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Maasai women become first only-female rangers in East Africa

 The all-female rangers graduated at Segera Conservancy (Photo: Standard/Jacinta Mutura)

Traditionally, Maasai women don’t hold professional jobs in the wildlife sector.

But a group of women from the community in Laikipia County defied all odds to train as rangers.

Yesterday, 12 women from the pastoral community graduated as wildlife rangers at Segera Conservancy after six months of extensive training in different wildlife reserves.

The team will be the first only-female rangers in the male-dominated career in Kenya and East Africa.

Women and men from Maasai, Samburu and Turkana gathered to witness and celebrate the success of the former housewives.

“I grew up knowing Maasai women should only graze and take care of children at home. My parents refused to educate me since I could not help them,” said Ann Momina.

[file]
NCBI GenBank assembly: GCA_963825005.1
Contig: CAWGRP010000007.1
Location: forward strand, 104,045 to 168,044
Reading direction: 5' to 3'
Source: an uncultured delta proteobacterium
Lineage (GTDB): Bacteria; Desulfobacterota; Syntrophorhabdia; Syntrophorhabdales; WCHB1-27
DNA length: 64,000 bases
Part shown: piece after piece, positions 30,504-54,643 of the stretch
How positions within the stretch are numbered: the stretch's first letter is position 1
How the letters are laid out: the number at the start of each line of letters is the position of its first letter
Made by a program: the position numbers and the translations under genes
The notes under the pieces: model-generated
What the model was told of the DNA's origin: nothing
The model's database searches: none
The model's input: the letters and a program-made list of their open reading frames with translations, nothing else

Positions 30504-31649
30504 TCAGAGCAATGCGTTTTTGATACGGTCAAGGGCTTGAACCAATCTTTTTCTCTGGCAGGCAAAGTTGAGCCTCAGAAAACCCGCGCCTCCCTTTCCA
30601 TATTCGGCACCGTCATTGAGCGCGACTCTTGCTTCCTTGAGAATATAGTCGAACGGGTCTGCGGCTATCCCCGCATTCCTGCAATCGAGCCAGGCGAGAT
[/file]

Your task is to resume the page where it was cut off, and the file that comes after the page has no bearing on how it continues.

Momina was almost disowned by her father after she threatened to report him for taking her sisters for circumcision.

Tourism Cabinet Secretary Najib Balala said the only-women team was the first in the country and East Africa.

“It’s clear that even women can protect wildlife just as men. They can handle guns in the forest and they just need support and opportunity,” he said.

Mr Balala said the special training for women would be introduced at Kenya Wildlife Service (KWS).

The training involved traversing through valleys, plains and wildlife conservancies with experienced hands taking the women through the tactics in conservation and protecting wildlife.

“It was very tough and depressing but we soldiered on because of our determination. We could carry heavy bags containing the stuff we were using for the training. There were dangerous animals like snakes, buffaloes, rhinos, jumbos, but we preserved,” said Elizabeth Natapar.

Segera Ranch and Zeitz Foundation Programme Manager Benaiah Odhiambo said the ranch intends to train women from the neighbouring community yearly as a way of empowering them and promoting girls’ education.

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